Episode # 182 – The Power of Good Organisation with Jim Heskett

In Uncategorized by Angela McConnell12 Comments

jimcovernewWhen we first met thriller author Jim Heskett two years ago, he already had an impressive six titles out. Since then, Jim has been turning out books at a lightning-fast pace (20+ titles and counting!) all while juggling family, friends, and a full-time job. This week I catch up with Jim to find out how he does it.


Jim Heskett’s Author Website

Jim Heskett’s Amazon Author Profile

The Juggling Author: How To Write Four Books a Year While Balancing Family, Friends, and a Full-Time Job by Jim Heskett

Nailgun Messiah Podcast


RSP #93 – “The Brave New World of Fiction with Jim Heskett”

RSP #179 – “Mastering Collaborations with J. Thorn”

American Demon Hunters – Denver, Colorado (An American Demon Hunters Novella)

Extended Imagery (Book Covers)

JA Konrath

Zach Bohannon


Pro Writing Aid





Show notes:


When we last spoke with Jim back in Episode #93, he had six titles out, including his Dystopian Espionage trilogy, the Five Suns Sagaand his stand-alone thriller Reagan’s Ashes.

Today, two years later, Jim’s got over 20 titles, including his Whistleblower trilogy and his Micah Reed series. In fact, just in 2016 alone, he published 325,000 words, consisting of five books, one short story, and one collaborative novella (with J. Thorn)…while maintaining a full-time day job and enjoying life with his wife and toddler son.

Jim says it took him two years to write his first book, one year to write his second, and then only six months to write his third. And he keeps getting better, as evidenced by his now sprawling catalog.

Nowadays, he takes about three months to prepare a book from first draft to market using a system he’s developed, which allows him to publish five books a year. Awesomely, he’s shared that system in a book for indie authors called The Juggling Author: How To Write Four Books a Year While Balancing Family, Friends, and a Full-Time Job.

The Juggling Author

Burning Through Drafts

A critical component to Jim’s high level of production as an author is planning and organization. Pre-writing and outlining the story in its entirety before starting the first draft allows him to work out the story and decide what scenes will go in, as well as what proposed scenes should not go in. This allows him to cut out unnecessary scenes he would have otherwise written and would later have to cut. Also, knowing what he needs to write makes it easy for him to burn through the first draft of a 60K-word novel in a month’s time.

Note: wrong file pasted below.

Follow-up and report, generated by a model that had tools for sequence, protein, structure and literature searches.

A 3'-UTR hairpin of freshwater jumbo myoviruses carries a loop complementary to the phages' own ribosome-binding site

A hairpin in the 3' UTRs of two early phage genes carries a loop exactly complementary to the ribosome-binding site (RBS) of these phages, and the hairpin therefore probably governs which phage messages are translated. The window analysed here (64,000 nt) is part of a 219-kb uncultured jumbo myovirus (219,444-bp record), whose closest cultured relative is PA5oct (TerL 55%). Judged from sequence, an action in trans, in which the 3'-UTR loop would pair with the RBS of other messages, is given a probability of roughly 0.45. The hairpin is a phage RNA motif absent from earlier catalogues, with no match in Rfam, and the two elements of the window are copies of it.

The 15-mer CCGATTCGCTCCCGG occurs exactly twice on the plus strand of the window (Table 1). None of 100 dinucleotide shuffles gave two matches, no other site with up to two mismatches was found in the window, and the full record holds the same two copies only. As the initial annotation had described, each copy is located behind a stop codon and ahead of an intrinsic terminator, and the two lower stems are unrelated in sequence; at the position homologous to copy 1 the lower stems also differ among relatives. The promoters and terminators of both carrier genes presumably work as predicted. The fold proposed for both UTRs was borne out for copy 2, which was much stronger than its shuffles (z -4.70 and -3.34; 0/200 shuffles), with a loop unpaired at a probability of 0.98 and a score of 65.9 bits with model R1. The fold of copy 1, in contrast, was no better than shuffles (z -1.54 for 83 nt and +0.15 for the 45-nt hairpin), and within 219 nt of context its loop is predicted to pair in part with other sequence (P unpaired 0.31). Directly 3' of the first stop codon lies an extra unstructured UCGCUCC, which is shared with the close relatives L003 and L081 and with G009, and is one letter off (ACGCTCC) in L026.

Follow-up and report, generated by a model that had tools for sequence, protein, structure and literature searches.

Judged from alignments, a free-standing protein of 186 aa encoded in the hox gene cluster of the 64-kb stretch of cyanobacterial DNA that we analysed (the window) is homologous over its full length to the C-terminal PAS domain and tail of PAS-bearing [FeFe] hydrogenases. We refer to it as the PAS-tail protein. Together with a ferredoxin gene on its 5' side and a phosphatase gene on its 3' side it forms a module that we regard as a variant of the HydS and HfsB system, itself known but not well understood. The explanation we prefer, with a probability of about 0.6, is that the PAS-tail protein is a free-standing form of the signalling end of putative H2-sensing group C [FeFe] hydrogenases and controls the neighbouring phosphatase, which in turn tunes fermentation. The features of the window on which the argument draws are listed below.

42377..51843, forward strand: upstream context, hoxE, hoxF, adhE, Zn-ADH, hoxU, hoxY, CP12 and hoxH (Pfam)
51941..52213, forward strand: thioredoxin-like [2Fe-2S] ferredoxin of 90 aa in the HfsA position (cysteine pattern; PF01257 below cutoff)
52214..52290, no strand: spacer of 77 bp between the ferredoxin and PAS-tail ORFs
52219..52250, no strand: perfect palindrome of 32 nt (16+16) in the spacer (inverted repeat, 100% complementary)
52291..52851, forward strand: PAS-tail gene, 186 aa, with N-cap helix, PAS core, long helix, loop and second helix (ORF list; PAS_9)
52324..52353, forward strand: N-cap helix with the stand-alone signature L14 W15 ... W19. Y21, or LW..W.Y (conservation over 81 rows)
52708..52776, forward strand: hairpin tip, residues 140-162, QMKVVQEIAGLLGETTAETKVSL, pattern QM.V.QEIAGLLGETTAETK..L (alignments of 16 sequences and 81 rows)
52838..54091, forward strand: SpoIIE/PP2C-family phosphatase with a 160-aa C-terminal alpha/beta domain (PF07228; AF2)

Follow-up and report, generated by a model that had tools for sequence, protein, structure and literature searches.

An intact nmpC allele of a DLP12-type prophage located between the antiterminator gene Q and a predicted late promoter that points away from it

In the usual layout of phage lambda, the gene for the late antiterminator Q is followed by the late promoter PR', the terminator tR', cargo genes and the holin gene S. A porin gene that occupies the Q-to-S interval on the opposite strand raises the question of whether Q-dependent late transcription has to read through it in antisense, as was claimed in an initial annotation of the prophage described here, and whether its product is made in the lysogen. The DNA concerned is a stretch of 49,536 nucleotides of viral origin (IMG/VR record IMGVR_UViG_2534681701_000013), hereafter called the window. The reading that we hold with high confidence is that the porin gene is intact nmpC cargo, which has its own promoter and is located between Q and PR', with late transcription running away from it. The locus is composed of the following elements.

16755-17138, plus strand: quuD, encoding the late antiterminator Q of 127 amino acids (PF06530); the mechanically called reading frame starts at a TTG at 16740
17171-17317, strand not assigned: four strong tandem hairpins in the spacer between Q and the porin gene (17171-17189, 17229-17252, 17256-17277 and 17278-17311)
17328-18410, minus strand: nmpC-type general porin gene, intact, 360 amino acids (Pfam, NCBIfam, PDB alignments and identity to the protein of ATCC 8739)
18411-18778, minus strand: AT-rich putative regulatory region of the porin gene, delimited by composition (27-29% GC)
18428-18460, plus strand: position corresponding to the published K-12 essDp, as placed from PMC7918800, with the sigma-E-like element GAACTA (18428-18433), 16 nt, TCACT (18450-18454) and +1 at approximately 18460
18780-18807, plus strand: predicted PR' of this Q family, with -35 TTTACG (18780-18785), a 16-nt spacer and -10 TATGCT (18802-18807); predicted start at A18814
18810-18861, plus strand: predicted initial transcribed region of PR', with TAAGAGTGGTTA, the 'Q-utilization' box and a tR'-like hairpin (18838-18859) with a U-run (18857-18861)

Jim focuses on drafting only one project at a time and not getting distracted by new ideas and other projects during the drafting process. This helps him get to the end fast.

“When I’m in the first draft of something, I’m totally faithful. I take it out to dinner. I tell it I would never cheat on it, I would never look at another manuscript…”

He also notes that he writes short, preferring to flesh out the scenes after he’s gotten a basic draft down. His first drafts tend to run 30-35K words long for a 60K novel. Not only does writing short help him finish the first draft much more quickly, it saves him time and words if he does have to make cuts down the road.

Jim does three drafts of each book, focusing on filling in the scenes on the second draft and a spit-shine polish for the third draft. The first draft gets sent to a trusted alpha reader to help him identify plot holes and structural problems. The second drafts gets seen by trusted beta readers. After the third draft, it goes to his editor for a final pass.

In between drafts, he works on his book description, noting that often writers will need to write dozens of drafts on their book description to get it just right.

Once his third draft goes to the editor, he finishes the book description, sends it to a cover designer, and starts scheduling social media content, reaching out to podcasters for interviews, and other promotional activities.

Good Organization is Critical

Jim likes to use Trello, a Kanban board-based activity tracker that works as a visual to-do list, allowing him to easily keep track of the multitude of moving pieces involved in publishing a book. He tracks his lists through boards labeled “DO SOMEDAY,” “DO LATER,” “DO NEXT,” “DO NOW,” and “DONE DID IT ALREADY.” By keeping up with it and focusing each day on the “DO NOW,” he’s able to drag each task through the various boards until they finally land in the “DONE DID IT ALREADY.”

“Thinking about writing is also productive time.”

Since Jim is as pressed for time as most indie authors are, he likes to think ahead on the next writing session or marketing task that’s coming up whenever he can. In order to keep the production process moving and books shipping out to market, it’s necessary to make use of any and all time, whether that means thinking about his story on his commute or utilizing his lunch hour to write.